You didn't invent that! Aircraft Turbine Chevrons Edition

I recently saw a tweet https://twitter.com/NASAAero/status/681540119615135745 NASA-developed chevrons to reduce noise! Cool! But where did those really come from? This post involves an intro about what aircraft engines are and how they work, and then an exploration of the patents that lead up to this invention, and the story of the organisations that were involved in developing them. Aircraft Engines The thing you see in the picture is something similar to what generates power in many large scale electrical…

Less Wrong shibboleths

There's a site that commanded certain popularity among a sizable fraction of the Smart Internet™, Less Wrong. Founded by Overcoming Bias co-blogger Eliezer Yudkowsky in 2009, and now mostly dead (The site, not Yudkowsky, lol) , it has spawned a number of separate communities that remain active. Shibbolethsare words or customs that serve to identify members of an ingroup from members of an outgroup. In this context, Less Wrong shibboleths are things that, if you read them, you know the writer probably has so…

2015 in Nintil: Top posts

So here we are one more year. Right now I'm preparing an article for next year about aircraft engine chevrons(!), but I had to do first the traditional retrospective post. This year has been really good for the blog: More views than the rest of the years combined! This is mostly because (I think) I switched to writing in English, and I got more readers that way. Also, because of some RTs by very popular twitter accounts (Thanks to Pseudoerasmus and Marc Andreessen!). This year I wrote 61 posts, compared to …

Slaying Alexander's Moloch

Scott Alexander wrote some time ago a piece titled Meditations on Moloch. As far as I know, there are two or three replies to it, here and here. He replied to some critiques here. The theme of the essay, as we will see, is a reflection on the general human condition, and on our future. Still, Scott is too pessimistic, and I’ll proceed to give him reasons to believe that niceness, after all, can triumph. It basically takes one or two little things, like to relax his apparent assumption of 100% selfish behavi…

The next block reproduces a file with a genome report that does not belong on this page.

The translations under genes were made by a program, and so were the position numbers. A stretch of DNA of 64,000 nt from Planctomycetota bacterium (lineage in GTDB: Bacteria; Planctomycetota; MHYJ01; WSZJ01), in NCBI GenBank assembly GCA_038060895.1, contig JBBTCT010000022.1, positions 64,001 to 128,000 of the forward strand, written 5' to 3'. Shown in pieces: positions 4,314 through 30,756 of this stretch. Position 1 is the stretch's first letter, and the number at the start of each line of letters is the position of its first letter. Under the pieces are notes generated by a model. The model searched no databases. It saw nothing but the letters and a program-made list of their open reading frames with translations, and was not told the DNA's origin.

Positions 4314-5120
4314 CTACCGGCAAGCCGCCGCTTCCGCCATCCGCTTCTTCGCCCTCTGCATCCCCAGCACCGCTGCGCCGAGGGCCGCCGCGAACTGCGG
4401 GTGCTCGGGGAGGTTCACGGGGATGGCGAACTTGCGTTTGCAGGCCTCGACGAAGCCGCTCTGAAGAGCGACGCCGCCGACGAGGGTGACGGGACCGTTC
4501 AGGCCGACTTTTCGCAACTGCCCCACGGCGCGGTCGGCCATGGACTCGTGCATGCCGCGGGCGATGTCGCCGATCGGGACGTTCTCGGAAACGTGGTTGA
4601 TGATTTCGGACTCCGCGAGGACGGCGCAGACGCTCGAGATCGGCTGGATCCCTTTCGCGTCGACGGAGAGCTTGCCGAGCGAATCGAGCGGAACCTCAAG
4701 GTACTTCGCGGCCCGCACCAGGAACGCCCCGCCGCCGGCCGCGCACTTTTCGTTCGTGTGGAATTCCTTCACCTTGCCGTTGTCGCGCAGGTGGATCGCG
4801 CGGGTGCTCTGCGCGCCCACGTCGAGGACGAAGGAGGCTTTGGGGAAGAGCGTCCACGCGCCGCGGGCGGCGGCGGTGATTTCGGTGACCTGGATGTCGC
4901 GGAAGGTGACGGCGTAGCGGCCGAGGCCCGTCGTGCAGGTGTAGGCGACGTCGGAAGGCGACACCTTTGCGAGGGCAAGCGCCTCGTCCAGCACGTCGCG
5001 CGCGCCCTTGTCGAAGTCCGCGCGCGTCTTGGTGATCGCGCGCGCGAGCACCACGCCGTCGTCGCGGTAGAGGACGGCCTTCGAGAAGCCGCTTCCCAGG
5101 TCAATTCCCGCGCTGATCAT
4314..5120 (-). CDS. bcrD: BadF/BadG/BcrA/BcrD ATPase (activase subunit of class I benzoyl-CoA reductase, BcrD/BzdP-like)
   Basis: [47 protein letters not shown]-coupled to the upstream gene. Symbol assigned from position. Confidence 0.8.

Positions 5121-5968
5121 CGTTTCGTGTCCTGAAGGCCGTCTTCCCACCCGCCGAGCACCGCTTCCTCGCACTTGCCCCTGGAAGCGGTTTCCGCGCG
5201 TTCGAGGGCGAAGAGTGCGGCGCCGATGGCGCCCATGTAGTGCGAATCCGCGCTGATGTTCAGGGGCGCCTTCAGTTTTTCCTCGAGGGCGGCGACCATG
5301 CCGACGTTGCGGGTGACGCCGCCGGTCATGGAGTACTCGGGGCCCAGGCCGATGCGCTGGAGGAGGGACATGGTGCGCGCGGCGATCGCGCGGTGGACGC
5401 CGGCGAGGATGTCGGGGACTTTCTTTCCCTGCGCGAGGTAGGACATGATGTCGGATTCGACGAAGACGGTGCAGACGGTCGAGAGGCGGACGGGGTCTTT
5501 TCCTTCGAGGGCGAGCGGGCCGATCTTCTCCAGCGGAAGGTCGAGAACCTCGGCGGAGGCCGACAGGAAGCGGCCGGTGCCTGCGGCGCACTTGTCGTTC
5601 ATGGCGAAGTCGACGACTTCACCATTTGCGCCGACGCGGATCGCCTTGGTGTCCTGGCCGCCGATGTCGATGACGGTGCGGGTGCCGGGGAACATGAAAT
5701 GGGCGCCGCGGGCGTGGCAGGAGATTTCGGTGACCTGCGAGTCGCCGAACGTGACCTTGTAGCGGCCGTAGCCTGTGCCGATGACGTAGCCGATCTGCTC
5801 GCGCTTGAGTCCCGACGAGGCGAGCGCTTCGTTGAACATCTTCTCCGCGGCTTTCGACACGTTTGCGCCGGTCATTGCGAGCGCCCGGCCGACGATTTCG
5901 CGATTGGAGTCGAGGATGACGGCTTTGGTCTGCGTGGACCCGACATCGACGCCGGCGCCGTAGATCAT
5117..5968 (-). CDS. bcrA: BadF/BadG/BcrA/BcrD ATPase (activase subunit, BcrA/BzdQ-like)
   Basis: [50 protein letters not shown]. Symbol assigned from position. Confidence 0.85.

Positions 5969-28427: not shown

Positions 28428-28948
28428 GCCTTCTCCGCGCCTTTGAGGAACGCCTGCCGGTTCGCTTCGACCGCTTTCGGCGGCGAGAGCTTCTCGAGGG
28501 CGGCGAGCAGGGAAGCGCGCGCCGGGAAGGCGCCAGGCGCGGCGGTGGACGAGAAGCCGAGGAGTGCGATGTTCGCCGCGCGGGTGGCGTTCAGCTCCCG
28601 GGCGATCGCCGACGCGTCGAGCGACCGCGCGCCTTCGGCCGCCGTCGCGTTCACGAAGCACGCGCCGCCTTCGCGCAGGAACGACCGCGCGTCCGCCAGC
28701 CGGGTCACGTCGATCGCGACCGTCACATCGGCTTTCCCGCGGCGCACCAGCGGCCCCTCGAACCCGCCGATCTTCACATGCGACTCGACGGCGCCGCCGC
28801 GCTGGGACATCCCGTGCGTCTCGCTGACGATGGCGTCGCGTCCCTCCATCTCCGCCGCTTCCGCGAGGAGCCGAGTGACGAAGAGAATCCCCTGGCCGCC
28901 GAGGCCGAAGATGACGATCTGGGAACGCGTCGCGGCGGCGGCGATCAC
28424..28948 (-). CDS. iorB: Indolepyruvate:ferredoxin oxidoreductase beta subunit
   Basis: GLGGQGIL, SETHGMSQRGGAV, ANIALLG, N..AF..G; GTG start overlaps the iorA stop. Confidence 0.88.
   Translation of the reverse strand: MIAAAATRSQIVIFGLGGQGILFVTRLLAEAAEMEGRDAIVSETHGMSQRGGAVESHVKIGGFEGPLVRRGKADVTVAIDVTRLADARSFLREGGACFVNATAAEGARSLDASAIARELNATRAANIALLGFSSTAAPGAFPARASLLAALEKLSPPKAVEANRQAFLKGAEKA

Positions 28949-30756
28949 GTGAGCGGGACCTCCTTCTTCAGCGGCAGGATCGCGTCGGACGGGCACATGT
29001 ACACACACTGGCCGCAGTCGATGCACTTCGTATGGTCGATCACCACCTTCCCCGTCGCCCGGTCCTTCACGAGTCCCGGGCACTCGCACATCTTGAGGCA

Why so many utilitarians?

In this post I try to give some reasons why there are so many utilitarians among smart people, from personal experience reading things on the net. The point of this post is not to criticise or defend utilitarianism, just offer a presentation of the reasons why some people, I think, tend to favour it. I begin with a quote from Loren Lomasky, defining what we are talking about. You can also go to the SEP. For present purposes, a theory is said to be (more or less) utilitarian to the extent it satisfies the f…

The antonymical fallacy

I think there's an informal  fallacy that doesn't have a name of its own. I tried looking and couldn't find it, so I named it the antonymical fallacy. Maybe it does already exist. If it does, please tell me! It is closely related to the False dilemma informal fallacy. So the idea is this: There is a difference between the negation and the antonym (or antonym-like word) of something. Some antonyms are indeed the logical negation of the original word, but not all! not-tall does not equal small (it can me medi…